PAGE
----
Class-action securities lawsuit filings alleging accounting wrongdoing rose 33 percent to 93 last year, the highest level since 2008 and the fourth consecutive annual increase, according to a new report, while settlement values for accounting-related cases reached their highest level of the past nine years.
The annual report, from Cornerstone Research, found an unprecedented number of federal filings of class actions involving mergers and acquisitions were the main drivers behind the increase in accounting-related cases. “Traditional” accounting case filings, those with Rule 10b-5, Section 11, and/or Section 12(a)(2) claims, stayed comparatively stable, though those filings were much bigger in terms of the defendant firms’ market capitalization losses.
“In 2016, total accounting case filings exceeded the historical average for the third year in a row,” said Elaine Harwood, a Cornerstone Research vice president and head of the firm’s accounting practice, in a statement. “In nearly one-third of the M&A filings, plaintiffs alleged that the company failed to provide a reconciliation of non-GAAP measures to GAAP measures. This is the first time we have seen so many M&A filings with GAAP-related allegations.”
The number of accounting case settlements declined from 50 to 46. The total settlement value nevertheless climbed to $4.8 billion in 2016, almost 80 percent larger than in 2015 and the highest level since 2007. The increase was due to a comparative large number of approved settlements, along with an increase in the average amount of the settlement. Nine accounting mega-settlements (those over $100 million) represented $4.4 billion of the total accounting case settlement value last year.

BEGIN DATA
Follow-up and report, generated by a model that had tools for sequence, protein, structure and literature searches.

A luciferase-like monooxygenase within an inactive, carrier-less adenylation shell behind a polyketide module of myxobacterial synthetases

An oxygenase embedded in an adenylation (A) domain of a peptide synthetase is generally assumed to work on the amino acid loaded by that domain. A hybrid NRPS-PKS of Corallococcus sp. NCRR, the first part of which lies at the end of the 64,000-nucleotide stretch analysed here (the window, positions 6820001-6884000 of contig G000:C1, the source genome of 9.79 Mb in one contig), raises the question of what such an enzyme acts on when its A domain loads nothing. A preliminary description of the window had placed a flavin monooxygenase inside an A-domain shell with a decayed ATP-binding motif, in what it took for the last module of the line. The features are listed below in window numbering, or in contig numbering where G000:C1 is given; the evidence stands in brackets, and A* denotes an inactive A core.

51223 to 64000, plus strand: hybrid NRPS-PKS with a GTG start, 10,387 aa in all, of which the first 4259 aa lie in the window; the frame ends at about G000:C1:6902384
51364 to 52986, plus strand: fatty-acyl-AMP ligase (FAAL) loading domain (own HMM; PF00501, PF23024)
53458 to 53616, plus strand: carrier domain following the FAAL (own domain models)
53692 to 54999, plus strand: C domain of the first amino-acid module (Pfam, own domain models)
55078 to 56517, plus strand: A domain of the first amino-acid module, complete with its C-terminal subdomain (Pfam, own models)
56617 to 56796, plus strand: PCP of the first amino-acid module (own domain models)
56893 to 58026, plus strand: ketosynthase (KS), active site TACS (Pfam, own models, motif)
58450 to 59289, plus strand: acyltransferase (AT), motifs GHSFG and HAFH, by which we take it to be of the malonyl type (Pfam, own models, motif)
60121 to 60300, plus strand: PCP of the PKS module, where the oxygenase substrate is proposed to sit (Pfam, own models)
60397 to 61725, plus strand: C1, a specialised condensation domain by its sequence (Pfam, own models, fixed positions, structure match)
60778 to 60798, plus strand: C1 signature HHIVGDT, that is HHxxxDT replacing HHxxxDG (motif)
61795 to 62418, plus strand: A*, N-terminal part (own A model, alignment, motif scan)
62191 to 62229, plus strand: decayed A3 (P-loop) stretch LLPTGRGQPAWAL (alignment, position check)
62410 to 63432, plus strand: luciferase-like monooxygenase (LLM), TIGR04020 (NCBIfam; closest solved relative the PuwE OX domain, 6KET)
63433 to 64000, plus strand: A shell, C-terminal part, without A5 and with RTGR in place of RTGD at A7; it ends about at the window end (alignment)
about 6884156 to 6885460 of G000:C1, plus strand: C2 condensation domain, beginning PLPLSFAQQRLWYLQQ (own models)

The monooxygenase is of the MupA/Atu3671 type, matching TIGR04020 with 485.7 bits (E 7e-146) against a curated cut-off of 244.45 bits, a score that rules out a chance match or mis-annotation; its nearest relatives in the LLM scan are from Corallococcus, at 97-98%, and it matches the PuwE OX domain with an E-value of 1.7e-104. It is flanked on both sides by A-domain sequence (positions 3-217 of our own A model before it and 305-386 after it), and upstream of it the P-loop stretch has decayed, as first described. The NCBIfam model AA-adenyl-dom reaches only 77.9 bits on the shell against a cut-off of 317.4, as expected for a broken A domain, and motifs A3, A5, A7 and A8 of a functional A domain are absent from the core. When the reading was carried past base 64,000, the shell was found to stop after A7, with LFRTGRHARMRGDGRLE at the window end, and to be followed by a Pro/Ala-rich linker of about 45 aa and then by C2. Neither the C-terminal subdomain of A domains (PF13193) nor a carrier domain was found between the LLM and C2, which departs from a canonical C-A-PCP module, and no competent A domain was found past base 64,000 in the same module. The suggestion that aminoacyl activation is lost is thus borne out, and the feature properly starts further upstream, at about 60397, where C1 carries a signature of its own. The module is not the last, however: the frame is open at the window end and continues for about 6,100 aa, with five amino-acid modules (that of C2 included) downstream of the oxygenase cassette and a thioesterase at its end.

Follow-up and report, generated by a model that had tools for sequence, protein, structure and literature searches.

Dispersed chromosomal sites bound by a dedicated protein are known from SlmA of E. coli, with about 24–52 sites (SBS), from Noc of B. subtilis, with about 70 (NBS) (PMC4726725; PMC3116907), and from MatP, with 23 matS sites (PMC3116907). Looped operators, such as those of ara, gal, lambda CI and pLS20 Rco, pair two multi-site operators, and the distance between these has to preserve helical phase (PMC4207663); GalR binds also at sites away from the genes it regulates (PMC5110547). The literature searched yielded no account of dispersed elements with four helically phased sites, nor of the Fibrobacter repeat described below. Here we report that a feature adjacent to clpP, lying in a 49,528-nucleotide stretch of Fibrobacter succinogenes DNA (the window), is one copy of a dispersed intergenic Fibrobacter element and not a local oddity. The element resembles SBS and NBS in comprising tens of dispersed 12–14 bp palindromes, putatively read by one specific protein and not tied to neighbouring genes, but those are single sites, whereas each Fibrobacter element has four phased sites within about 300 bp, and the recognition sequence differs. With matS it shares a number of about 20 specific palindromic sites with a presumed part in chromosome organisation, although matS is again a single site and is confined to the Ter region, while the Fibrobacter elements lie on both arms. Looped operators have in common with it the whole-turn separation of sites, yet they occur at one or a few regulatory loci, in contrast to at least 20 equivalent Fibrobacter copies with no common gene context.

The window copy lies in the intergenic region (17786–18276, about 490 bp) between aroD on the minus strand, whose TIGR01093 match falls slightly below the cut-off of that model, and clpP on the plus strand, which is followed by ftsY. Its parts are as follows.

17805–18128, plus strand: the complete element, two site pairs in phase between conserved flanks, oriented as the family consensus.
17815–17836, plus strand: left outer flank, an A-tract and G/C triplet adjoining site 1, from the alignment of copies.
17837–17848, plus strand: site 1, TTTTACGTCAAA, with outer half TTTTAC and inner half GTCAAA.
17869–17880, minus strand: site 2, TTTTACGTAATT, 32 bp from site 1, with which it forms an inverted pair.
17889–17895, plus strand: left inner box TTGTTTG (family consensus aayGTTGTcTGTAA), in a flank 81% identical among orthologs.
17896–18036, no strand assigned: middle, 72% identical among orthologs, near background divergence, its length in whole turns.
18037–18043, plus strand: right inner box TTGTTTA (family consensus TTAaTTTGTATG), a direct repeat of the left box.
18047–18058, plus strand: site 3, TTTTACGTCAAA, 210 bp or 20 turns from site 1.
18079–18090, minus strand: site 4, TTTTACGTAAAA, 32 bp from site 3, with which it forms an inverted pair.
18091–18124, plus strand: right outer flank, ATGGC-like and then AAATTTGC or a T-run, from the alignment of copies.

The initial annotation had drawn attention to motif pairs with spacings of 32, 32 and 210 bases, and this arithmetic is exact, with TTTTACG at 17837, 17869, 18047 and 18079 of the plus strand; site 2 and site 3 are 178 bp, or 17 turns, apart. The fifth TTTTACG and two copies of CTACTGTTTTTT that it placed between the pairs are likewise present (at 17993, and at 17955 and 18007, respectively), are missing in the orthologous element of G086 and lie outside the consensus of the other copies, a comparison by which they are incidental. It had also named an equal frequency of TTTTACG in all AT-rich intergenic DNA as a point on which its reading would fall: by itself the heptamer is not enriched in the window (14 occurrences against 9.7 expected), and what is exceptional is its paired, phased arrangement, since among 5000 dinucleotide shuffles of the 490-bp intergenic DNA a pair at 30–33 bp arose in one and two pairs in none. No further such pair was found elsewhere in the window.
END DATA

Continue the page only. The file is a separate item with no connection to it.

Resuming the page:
“Accounting cases often represent the majority of the total value of all settlements reached in a given year, typically with just a few settlements contributing much of the value,” said Cornerstone Research senior advisor Laura Simmons in a statement. “In 2016, almost 75 percent of the total value of cases settled was associated with a handful of accounting case settlements, including two over $1 billion. The presence or absence of a few settlements of this size can have a dramatic impact on the overall numbers for a given year.”
The median settlement value for cases involving write-downs jumped to $18.6 million last year, compared to $10.5 million for the period from 2007 to 2015. Both the number and percentage of accounting case settlements involving restatements increased significantly last year compared to recent years.
Cornerstone considered cases to be “accounting cases” if they involve allegations related to violations of GAAP, auditing violations, or weaknesses in internal control over financial reporting. For the past seven years, the majority of accounting case filings included allegations of internal control weaknesses. That trend continued last year, with 59 percent of accounting case filings including such allegations. An even bigger share of 2016 accounting case settlements, 70 percent, contained allegations of internal control weaknesses.
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